Sir Edwin Landseer, The Stag at Bay
was with the
By yon bonnie banks an by yon bonnie braes
Whaur the sun shines bright on Loch Lomond
Whaur me an’ my true love will ne’er meet again
On the bonnie, bonnie banks o’ Loch Lomon’.
William Henry Pyne (1769 London 1843). Highland Shepherd. The Scottish shepherd with his dog sitting at a stony slope. Colored aquatint for William Miller. 1805. 14 × 10 in (35.5 × 25.5 cm).
Lipperheide Gca 18 (edition of 1808). – With text sheet. – On strong Whatman paper. – Trimmed on platemark, but negligible for the wide white platefield.
Offer no. 4,967 / EUR 94. (c. US$ 114.) + shipping
(Scotland.) With simple cartouches for title and geographical & Scottish miles indicator and listing of the 33 shires marked by numbers & conventional signs. Map after Frdr. Wilh. Streit (Ronneburg, Thuringia, 1772 – Berlin 1839) colored in outline. Steel engraving. 1836. 11 × 8¼ in (28.1 × 20.8 cm).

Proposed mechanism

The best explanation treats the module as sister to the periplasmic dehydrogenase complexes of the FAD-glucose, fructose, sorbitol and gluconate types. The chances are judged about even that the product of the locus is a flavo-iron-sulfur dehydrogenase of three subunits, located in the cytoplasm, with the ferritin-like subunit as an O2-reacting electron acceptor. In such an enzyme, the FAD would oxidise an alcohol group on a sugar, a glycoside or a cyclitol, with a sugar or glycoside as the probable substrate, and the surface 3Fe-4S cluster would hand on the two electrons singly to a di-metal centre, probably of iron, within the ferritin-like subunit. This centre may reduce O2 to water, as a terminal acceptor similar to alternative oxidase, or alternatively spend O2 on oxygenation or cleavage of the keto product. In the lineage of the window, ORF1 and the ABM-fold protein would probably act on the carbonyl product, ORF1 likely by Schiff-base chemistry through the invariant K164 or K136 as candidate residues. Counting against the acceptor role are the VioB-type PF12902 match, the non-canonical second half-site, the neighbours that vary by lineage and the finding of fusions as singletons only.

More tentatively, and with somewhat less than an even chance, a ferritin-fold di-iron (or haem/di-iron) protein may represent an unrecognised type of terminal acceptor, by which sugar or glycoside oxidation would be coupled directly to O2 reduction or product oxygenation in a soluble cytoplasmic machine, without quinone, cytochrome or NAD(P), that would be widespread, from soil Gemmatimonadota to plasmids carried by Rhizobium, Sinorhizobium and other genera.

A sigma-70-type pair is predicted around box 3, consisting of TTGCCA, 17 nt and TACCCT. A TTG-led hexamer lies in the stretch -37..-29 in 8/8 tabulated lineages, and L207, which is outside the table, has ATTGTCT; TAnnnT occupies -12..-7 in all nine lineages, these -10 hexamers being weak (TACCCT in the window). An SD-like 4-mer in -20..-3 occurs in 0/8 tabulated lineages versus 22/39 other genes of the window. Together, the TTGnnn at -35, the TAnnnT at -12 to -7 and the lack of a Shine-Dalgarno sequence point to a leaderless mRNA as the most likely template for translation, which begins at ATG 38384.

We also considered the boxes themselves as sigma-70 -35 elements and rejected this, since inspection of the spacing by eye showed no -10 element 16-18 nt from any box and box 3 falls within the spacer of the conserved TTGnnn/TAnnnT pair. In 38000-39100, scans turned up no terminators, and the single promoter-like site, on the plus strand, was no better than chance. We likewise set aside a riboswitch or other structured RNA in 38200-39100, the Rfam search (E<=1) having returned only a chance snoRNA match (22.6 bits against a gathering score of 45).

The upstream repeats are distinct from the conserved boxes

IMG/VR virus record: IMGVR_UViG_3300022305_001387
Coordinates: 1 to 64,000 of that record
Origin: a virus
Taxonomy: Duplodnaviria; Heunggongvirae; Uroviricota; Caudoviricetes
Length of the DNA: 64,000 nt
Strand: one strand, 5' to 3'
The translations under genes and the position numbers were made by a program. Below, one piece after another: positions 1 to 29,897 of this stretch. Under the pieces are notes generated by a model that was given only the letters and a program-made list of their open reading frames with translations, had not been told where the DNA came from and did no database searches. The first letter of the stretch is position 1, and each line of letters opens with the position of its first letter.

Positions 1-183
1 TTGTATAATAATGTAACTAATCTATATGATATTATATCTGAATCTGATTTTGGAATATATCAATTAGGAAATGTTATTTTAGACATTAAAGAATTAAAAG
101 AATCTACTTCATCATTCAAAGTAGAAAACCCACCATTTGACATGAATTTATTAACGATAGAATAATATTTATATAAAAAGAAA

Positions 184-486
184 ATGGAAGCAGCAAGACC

With Hebrides & Shetland Islands. – Marked aside from the local ranks the different ranked road net, ports, navigable waterways, canals, lochs, lakes & mountains, forts & battles. – The upper part of the back slightly foxing, but invisible on the recto except for a small spot above the upper borderline.
Offer no. 9,853 / EUR 56. (c. US$ 68.) + shipping
Entangled Further On
Scotland & England